Excitement surrounding North Park eagles inspires upcoming program
Monday, February 17, 2020 | 11:00 PM
Love is in the air for the bald eagles of North Park, and if their union produces an eaglet this year park officials and onlookers expect interest in the young raptor family to skyrocket.
“That’ll be a whole different level,” said Ken Knapp, a naturalist at Latodami Nature Center in the park.
You can learn about the birds and beat the crowds at the same time with an upcoming program hosted by Knapp and the Friends of Latodami called “All About Eagles.” It will take place beginning at 6 p.m. March 9, which Knapp said is not only the first Monday after Daylight Savings Time but will also be the time when, if all goes according to plan, the eagles will be minding at least one egg.
“They will change their behavior once they lay the first egg,” Knapp said. “Someone, mostly the female, will be on the nest all the time once the first egg is laid.”
The eagles, whom the regulars call Ms. Rachel and Mr. Carson, nested in the park for the first time last year. Based on the eagles’ behavior, they do believe there was at least one egg. Unfortunately, no eaglet ever appeared.
With the couple’s second go-around, observers hope for a better outcome.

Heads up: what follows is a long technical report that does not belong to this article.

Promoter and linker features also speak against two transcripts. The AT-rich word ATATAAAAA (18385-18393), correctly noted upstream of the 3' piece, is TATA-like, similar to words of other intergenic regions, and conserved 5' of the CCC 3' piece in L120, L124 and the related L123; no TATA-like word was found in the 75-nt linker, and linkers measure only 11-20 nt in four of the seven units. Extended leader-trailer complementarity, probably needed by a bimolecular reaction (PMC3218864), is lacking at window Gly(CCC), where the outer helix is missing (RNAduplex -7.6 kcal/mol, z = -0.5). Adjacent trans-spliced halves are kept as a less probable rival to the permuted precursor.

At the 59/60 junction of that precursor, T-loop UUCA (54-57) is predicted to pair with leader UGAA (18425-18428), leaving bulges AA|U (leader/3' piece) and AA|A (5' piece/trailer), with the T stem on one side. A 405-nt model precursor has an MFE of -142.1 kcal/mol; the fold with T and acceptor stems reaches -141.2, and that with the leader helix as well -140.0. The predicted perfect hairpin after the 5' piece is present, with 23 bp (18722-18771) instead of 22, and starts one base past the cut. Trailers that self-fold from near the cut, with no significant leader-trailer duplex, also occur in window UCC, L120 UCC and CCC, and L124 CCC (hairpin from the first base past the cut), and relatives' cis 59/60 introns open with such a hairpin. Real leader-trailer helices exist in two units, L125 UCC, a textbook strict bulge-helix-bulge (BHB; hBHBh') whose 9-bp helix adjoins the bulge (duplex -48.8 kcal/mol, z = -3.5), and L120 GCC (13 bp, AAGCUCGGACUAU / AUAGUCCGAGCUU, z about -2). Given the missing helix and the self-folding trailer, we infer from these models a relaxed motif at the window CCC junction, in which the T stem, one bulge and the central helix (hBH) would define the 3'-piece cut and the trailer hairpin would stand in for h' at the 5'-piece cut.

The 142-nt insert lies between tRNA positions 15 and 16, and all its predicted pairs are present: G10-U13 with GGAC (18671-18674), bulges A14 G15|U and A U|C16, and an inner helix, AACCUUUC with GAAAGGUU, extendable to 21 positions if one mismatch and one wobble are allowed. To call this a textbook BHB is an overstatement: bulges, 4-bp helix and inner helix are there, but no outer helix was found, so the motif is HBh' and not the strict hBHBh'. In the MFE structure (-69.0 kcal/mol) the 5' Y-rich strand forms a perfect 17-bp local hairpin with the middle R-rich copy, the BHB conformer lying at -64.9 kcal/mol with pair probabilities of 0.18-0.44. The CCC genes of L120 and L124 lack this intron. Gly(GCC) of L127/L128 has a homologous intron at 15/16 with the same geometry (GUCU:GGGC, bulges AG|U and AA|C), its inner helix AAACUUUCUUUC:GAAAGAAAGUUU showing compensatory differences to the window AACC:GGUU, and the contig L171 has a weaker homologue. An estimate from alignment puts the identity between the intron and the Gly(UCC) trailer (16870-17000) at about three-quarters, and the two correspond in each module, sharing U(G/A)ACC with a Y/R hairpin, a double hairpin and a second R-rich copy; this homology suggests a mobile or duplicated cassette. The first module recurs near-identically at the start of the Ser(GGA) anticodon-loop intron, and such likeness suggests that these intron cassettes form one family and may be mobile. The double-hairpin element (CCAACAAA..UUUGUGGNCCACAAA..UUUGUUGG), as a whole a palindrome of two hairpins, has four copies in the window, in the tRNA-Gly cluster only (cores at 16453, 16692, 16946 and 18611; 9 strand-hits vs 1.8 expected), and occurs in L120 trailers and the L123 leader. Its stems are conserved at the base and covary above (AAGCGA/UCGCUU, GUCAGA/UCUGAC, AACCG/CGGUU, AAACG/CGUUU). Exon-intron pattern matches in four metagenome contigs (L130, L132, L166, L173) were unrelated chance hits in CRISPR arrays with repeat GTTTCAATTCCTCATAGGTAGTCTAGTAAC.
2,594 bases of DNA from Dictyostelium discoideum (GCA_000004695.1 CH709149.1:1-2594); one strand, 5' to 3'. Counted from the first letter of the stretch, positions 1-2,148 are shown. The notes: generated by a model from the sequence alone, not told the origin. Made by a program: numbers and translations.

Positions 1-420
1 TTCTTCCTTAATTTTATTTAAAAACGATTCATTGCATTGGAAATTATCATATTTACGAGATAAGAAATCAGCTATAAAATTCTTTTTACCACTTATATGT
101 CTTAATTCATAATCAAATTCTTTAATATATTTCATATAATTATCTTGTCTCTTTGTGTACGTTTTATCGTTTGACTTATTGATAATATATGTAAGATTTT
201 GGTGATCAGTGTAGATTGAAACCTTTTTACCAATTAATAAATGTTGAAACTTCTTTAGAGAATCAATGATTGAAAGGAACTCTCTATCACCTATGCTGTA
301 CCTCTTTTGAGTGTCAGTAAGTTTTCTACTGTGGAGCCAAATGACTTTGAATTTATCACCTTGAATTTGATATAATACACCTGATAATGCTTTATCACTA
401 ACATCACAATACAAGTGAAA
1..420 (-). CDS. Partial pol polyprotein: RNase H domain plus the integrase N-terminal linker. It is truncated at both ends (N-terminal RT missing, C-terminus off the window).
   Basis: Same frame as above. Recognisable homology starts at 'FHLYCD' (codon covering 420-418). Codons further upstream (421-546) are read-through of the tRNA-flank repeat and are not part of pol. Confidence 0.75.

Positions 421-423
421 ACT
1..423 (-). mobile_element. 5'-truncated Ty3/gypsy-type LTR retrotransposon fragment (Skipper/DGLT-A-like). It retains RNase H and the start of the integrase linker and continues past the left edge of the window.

Unlike the Hays nest in Pittsburgh, there is no live camera on the North Park eagles so there will be no way of knowing how many eggs are in the nest, assuming mating is successful. Unlike both the Hays and Harmar nests, however, the North Park nest along Kummer Road can be viewed easily from what’s been renamed the Eagle’s Nest Shelter in the park.
Knapp’s program will begin at the basketball courts, from where the group will walk down to the shelter and Knapp will give some background on the eagles, their behavior and what’s been happening with them lately.
Right now, he said, they’ve been spotted a lot at the spillway and the female is eating as much as she can to build up her energy to lay eggs. Once the eggs do hatch, he said, you’ll see the eagles leaving and returning to the nest often with food. Eggs that are laid in February generally will hatch in early April, Knapp said.
Howard Keppell is a photographer and eagle enthusiast from West Deer who is at the park every day capturing the movements of the eagles.
Up until about a month ago, he said, they were working on the nest constantly. Now they seem to be content with its construction and are focused on adding fluff and leaves to help hold in the heat.
Keppell founded a Facebook page, North Park Bald Eagles, in January 2019 with about 20 members. There are now nearly 4,000 members from all over the world. They’ve even met people from other countries at the pavilion, he said, who were traveling in the area and came to North Park specifically to view the eagles.
What if Ms. Rachel and Mr. Carson become first-time parents this year?
“It will be crazy, yes,” he said. “No question, it will be crazy.”